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Interference from endogenous antibodies in automated immunoassays: what laboratorians need to know
  1. A A A Ismail
  1. Consultant in Clinical Biochemistry and Chemical Endocrinology (retired)
  1. Dr A A A Ismail, Tanglewood, Chevet Lane, Wakefield, West Yorkshire WF2 6HL, UK; adelaaismail{at}aol.com

Abstract

Full automation of laboratory procedures confers numerous advantages over semi-automated/manual tests because equipment, reagents and the computation of results are offered as an integrated package. Automation has allowed millions of immunoassay tests to be performed with good sensitivity and excellent precision but inaccuracy caused by interference from endogenous immunoglobulins/antibodies remained a problem (irrespective of the immunoassay’s format). Interference leading to a falsely high or low result affects a specific sample and may not be obvious despite the strictest laboratory control schemes. Reporting and interpreting such potentially erroneous data remained however the responsibility of the clinical laboratory despite the limited information supplied by their providers. The focus of this review is on highlighting the potential downside of current disjointed and blurred arrangement between the developers/providers of immunoassays, and the laboratorians responsible for providing these data to their clinical colleagues. These limitations can be addressed by drawing attention to the importance of the key fundamentals underpinning these immunologically based analyses which, if carefully considered, could help to formulate pragmatic strategies to reduce errors in immunoassays. In this review, the inherent fallibility of the binding reaction between an antigen and antibody will be reiterated. The difficulties in defining reaction rate kinetics in non-equilibrium automated assays, the potential clinical error rate and the need for minimising analytical error rate of these automated technologies will be highlighted.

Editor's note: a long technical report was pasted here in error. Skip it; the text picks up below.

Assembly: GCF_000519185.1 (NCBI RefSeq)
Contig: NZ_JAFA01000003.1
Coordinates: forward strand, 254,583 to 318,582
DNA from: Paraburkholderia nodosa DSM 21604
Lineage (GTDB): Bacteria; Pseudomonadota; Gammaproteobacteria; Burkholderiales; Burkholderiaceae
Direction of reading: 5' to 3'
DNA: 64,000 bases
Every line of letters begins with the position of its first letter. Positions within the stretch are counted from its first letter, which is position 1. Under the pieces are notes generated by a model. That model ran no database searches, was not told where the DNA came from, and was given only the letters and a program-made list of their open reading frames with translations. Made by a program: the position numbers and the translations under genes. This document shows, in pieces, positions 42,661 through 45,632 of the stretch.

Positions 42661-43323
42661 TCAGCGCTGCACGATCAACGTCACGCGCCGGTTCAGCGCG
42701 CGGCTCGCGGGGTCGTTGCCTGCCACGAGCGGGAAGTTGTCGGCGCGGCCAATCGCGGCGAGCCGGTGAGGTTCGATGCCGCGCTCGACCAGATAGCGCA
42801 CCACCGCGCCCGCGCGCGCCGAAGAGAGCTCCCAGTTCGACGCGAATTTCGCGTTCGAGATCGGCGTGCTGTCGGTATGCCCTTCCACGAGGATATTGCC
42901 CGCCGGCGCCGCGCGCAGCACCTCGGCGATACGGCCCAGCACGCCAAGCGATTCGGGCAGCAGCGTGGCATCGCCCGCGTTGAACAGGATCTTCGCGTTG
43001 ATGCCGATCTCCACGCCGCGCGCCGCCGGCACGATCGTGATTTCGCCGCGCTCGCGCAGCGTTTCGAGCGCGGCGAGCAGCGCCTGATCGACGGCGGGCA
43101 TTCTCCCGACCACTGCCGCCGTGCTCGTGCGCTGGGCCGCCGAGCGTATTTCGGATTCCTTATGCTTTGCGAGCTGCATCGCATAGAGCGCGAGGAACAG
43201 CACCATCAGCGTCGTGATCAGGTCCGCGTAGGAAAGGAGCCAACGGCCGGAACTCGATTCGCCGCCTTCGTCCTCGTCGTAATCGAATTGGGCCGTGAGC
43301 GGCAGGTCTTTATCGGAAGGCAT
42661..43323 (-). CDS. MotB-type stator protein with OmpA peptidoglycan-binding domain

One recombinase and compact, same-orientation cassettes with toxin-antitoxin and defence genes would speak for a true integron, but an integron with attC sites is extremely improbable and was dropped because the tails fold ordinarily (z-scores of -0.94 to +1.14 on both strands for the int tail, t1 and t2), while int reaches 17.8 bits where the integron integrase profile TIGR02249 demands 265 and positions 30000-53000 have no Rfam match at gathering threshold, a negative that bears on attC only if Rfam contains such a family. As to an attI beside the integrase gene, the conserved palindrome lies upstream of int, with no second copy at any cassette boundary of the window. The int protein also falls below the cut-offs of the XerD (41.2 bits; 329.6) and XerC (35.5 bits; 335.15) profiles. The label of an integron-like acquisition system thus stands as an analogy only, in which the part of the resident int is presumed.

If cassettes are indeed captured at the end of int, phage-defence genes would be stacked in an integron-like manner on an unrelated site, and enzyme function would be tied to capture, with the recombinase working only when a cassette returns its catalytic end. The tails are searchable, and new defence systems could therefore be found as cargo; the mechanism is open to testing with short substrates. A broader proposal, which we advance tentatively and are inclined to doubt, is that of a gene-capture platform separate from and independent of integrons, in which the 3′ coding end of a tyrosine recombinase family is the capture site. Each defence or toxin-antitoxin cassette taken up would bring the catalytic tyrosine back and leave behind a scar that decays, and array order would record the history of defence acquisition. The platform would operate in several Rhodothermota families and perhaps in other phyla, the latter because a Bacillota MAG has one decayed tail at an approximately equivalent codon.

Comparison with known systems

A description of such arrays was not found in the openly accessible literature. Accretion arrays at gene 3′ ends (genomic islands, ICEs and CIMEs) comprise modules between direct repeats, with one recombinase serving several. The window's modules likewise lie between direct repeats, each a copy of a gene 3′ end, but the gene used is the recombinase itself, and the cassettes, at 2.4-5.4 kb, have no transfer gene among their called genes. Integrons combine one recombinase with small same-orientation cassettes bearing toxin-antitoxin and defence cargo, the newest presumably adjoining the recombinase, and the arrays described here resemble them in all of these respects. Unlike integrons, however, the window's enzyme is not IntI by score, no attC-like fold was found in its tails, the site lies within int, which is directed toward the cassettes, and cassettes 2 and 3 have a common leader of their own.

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Footnotes

  • Competing interests: None.

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